Richard Linklater’s Dazed and Confused gets the details right. In fact, one could argue that the film is primarily, if not completely, about its details. It has a narrative—or, rather, it has many narratives, all of which take place entirely during the afternoon and night of the last day of school in a small town in 1976. Yet, the film’s richness, what brings you back to it again and again, is Linklater’s spot-on observations about the rituals of teenage life and his attention to the smallest nuances of time and place.
Linklater was himself a product of the 1970s, and he views the era not with the ironic disdain of a posturing postmodernist, but rather with the keen eye of an anthropologist. He understands and conveys the awkwardness of late-night first kisses, the silliness of eighth-grade slow dances, and the dizzy stupor of being drunk for the first time. He packs the frame with images that convey so much about his characters’ lives—the girl having the zipper on her skin-tight jeans pulled up by a friend with pliers, the way adolescent guys use the crudest vulgarities as terms of endearment, and the way teenagers cruise up and down the town’s main drag and always respond to the question “What’s going on?” with “Nothin’ much.” He observes the details of bathroom graffiti, the contrasting styles of male and female hazing, and the pathetic, wheezy noise a keg tap makes when it’s finally empty.
Yet, despite being an almost perfect time capsule, Dazed and Confused is not a one-note slice of sentimental nostalgia. In fact, Linklater has said that he did not want the film to be nostalgic—to be a view of the 1970s from the 1990s. Rather, he wanted it to look and feel like a film that was made in 1976, and in this respect, he is entirely successful. There is never a hint of revisiting the past, but rather a sense of continuity. The more things change, the more they stay the same.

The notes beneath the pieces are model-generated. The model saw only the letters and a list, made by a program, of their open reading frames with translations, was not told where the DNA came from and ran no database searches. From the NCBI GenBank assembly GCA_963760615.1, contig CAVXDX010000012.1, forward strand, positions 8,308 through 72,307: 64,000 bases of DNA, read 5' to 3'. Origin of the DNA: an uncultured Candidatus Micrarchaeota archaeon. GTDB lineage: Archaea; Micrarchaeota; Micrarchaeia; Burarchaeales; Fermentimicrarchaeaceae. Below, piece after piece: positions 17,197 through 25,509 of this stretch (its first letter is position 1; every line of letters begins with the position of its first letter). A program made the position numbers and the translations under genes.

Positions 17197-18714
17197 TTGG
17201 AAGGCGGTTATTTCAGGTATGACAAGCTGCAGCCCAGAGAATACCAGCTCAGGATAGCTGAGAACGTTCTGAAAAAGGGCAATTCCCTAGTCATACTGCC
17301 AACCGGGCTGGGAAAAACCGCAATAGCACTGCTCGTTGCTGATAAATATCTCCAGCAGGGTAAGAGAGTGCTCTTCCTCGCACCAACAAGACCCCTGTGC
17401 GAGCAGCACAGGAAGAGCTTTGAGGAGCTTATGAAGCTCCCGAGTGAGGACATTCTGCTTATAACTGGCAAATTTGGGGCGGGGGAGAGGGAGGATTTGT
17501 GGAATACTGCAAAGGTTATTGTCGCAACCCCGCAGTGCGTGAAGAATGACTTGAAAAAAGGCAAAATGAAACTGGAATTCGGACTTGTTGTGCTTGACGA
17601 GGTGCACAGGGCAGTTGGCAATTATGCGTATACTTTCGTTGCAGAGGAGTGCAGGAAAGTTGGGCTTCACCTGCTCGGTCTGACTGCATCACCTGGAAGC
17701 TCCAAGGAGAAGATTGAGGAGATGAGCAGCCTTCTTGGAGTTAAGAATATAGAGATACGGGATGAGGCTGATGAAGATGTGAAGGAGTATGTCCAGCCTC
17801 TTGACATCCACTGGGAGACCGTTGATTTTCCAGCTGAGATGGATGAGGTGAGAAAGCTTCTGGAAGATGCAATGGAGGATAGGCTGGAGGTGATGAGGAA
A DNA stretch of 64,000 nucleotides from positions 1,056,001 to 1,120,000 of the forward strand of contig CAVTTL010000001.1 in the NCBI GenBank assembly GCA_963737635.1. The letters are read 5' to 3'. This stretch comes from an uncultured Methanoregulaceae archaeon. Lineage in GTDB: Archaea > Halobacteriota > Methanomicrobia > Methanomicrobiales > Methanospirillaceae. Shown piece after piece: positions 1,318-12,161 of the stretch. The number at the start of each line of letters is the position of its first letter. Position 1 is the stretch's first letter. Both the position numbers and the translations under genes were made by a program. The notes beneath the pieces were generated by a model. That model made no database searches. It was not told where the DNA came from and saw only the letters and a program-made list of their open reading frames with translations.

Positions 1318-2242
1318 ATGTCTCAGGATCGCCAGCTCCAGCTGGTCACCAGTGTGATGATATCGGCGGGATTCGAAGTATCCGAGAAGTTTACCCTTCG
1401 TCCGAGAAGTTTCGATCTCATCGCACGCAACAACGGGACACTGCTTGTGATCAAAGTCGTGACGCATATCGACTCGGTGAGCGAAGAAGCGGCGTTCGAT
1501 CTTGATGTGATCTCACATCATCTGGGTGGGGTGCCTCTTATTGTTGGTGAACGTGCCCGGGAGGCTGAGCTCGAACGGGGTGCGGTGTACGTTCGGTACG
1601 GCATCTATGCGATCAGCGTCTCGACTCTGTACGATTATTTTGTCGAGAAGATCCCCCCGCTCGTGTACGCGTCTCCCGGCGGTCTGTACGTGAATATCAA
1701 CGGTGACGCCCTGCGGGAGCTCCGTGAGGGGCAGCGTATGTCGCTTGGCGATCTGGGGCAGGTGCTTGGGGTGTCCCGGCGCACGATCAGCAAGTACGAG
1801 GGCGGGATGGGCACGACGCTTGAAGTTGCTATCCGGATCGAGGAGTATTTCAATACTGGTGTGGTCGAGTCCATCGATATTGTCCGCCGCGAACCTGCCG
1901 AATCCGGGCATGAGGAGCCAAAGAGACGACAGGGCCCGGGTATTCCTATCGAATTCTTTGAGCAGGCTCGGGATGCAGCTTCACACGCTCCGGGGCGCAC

The film opens with a now-famous slow-motion shot of an orange Pontiac GTO cruising the high school parking lot to the opening chorus of Aerosmith’s “Sweet Emotion,” the first of many perfect marriages of sound and image. Not surprisingly, what many people remember and cherish about Dazed and Confused is the way it is fueled by its soundtrack. Again and again Linklater finds perfect period rock music to underscore the action. Sometimes it is amusingly obvious, such as his use of Alice Cooper’s “School’s Out” as students empty their lockers and bolt from the school as the bell rings; sometimes it is ironic, such as his use of War’s “Why Can’t We Be Friends” as senior girls haze the incoming freshmen girls; and sometimes it is just perfect, such as the film’s final fade-out image of a rolling highway to the tune of Foghat’s “Slow Ride.”
Having established his visual and aural canvas in the first shot, Linklater then introduces us to his universe of characters, which span the spectrum of teenage life. The center is held by Randy “Pink” Floyd (Jason London), the high school quarterback. Randy is the center because he associates with virtually everyone in the high school. His friends include not only other members of the football team, especially the hyper-horny jock Don Dawson (Sasha Jenson), but also free-wheeling slackers such as Slater (Rory Cochrane), whose perpetually high state embodies the film’s title. He is also friends with the school’s smart kids, particularly Mike Newhouse (Adam Goldberg) and Tony Olson (Anthony Rapp), whose specific brand of ironic detachment and sociological sharpness is completely wasted on most high school students.